Saturday, January 24, 2009

Over-Rev Protection, MTF and Labelling

Today involved a bunch of miscellaneous items.

Bryan at Belktronix sent me a little circuit that plugs into the back of the tachometer that triggers the LVP protection and shuts down the controller when the shift light goes on. I basically routed a two-conductor cable through the grommet next to the throttle cable (where the cruise control cable would go) and connected the system.

This picture is crummy because it's difficult to see active LEDs when the flash goes off. I had to wedge the camera between the headrest and the seat to hold it steady enough for a flash-free photo. In short, you can see the bright red LED on the tachometer on, which is also activating the LVP circuit and turning on the battery idiot light on the dashboard (just above the "H" on the steering wheel).

After driving around a bit, I realized that I never really got over 4000 RPM, so I set the shift point at 4000 RPM, put the car in neutral and slowly pressed the accelerator. Surprise, surprise, the shift indicator came on at 4000 RPM, the LVP circuit went active and the controller shut down, preventing an over-rev condition. I pushed the circuit a bit more by pressing down a bit harder on the accelerator from zero RPM and it jumped up to about 4800 RPM before shutting down.

If you choose to implement this circuit in your own vehicle, make sure you set the brightness on the tach for the LED for its brightest setting. You'll have to set this brightness with the headlights on AND off since the tachometer saves two different brightness settings. If you choose a lower brightness, the LEDs gets pulsed and the controller won't fully shut off.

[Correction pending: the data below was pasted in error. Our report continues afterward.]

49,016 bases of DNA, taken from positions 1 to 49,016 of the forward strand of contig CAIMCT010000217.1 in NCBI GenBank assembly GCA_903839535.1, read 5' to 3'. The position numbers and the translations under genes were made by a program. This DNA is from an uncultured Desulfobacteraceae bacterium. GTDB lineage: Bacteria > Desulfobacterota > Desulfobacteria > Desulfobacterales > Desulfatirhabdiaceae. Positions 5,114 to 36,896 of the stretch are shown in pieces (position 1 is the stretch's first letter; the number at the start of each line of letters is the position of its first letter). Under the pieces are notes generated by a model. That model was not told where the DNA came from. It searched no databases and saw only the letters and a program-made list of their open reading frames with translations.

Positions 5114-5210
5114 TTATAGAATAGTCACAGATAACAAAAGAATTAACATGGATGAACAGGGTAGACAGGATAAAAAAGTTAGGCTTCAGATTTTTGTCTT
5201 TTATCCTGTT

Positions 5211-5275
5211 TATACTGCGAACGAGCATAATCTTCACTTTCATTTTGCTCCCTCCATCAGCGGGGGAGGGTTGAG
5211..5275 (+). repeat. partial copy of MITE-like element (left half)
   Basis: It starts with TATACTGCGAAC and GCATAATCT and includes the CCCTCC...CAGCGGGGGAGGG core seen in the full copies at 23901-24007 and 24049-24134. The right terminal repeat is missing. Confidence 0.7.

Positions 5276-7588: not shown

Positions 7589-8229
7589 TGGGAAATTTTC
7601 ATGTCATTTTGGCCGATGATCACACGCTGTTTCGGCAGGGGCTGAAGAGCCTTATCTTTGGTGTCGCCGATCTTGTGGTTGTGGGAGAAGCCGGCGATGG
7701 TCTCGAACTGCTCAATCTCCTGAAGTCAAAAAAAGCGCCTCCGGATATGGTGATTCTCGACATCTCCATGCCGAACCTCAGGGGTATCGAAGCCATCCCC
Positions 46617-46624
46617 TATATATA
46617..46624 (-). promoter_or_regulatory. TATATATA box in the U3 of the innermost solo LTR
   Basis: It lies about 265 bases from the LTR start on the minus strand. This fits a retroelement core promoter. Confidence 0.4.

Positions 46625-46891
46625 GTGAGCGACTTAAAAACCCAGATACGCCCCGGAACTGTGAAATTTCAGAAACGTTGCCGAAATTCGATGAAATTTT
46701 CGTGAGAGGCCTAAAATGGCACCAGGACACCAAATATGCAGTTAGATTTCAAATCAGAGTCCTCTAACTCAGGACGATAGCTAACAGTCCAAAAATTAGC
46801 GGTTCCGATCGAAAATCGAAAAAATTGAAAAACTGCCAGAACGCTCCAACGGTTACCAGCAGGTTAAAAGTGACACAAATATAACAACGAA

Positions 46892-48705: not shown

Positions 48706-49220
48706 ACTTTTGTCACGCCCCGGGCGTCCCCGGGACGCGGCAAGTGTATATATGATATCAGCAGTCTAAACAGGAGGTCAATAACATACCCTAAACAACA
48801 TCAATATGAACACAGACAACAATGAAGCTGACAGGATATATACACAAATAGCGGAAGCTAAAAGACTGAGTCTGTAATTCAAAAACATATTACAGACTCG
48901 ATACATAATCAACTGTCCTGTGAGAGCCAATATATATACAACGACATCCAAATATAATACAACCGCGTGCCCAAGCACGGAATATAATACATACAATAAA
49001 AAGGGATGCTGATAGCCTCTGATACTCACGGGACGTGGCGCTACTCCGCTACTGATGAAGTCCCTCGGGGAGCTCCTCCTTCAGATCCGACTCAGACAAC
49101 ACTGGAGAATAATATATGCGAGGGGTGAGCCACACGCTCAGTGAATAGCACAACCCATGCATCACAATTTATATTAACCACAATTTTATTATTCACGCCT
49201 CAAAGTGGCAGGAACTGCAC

Thanks to Bryan for providing this circuit. I guess I have to fork over some $$$ to him now :)

As part of tying up loose ends, I also drove about 15 1/2 miles round trip to the Honda dealer to pick up two quarts of special manual transmission fluid (MTF). Honda recommends 10W-30 motor oil (which is in there now) or this MTF, which is much thinner. Since I have an electric vehicle, I'd like to remove as much friction as possible in the transmission.

This is the first drive that I took with the Link-10 E-meter hooked up. I appreciated the amp readings and the percentage of battery left over. It took me down to 45% depth-of-discharge to go 15 1/2 miles, so I'm guessing the full range of the car is really 30 miles or so. This will be fine for my 17 mile commute to work, one-way.

Since I'll probaby be showing off this car at a few electric vehicle shows, I wanted to label all the major components to help people understand what the parts are. I still have to mount all the BatMon boards inside plastic boxes, but I have to figure out a heatsink strategy first.

I feel much better now that the tach, over-rev, and link-10 E-meter are installed. This will give me more confidence is knowing how far I can go and how hard I can push the motor before shifting.


1 comment:

Theo said...

Hello Tim,

I wouldn't worry too much about the 30 miles range since the outside temperature is around freezing. You can safely assume you will have enough to commute both ways once it gets warmer (up to 30% more range once it's back to the mid 20s°/70F).

Excellent work by the way !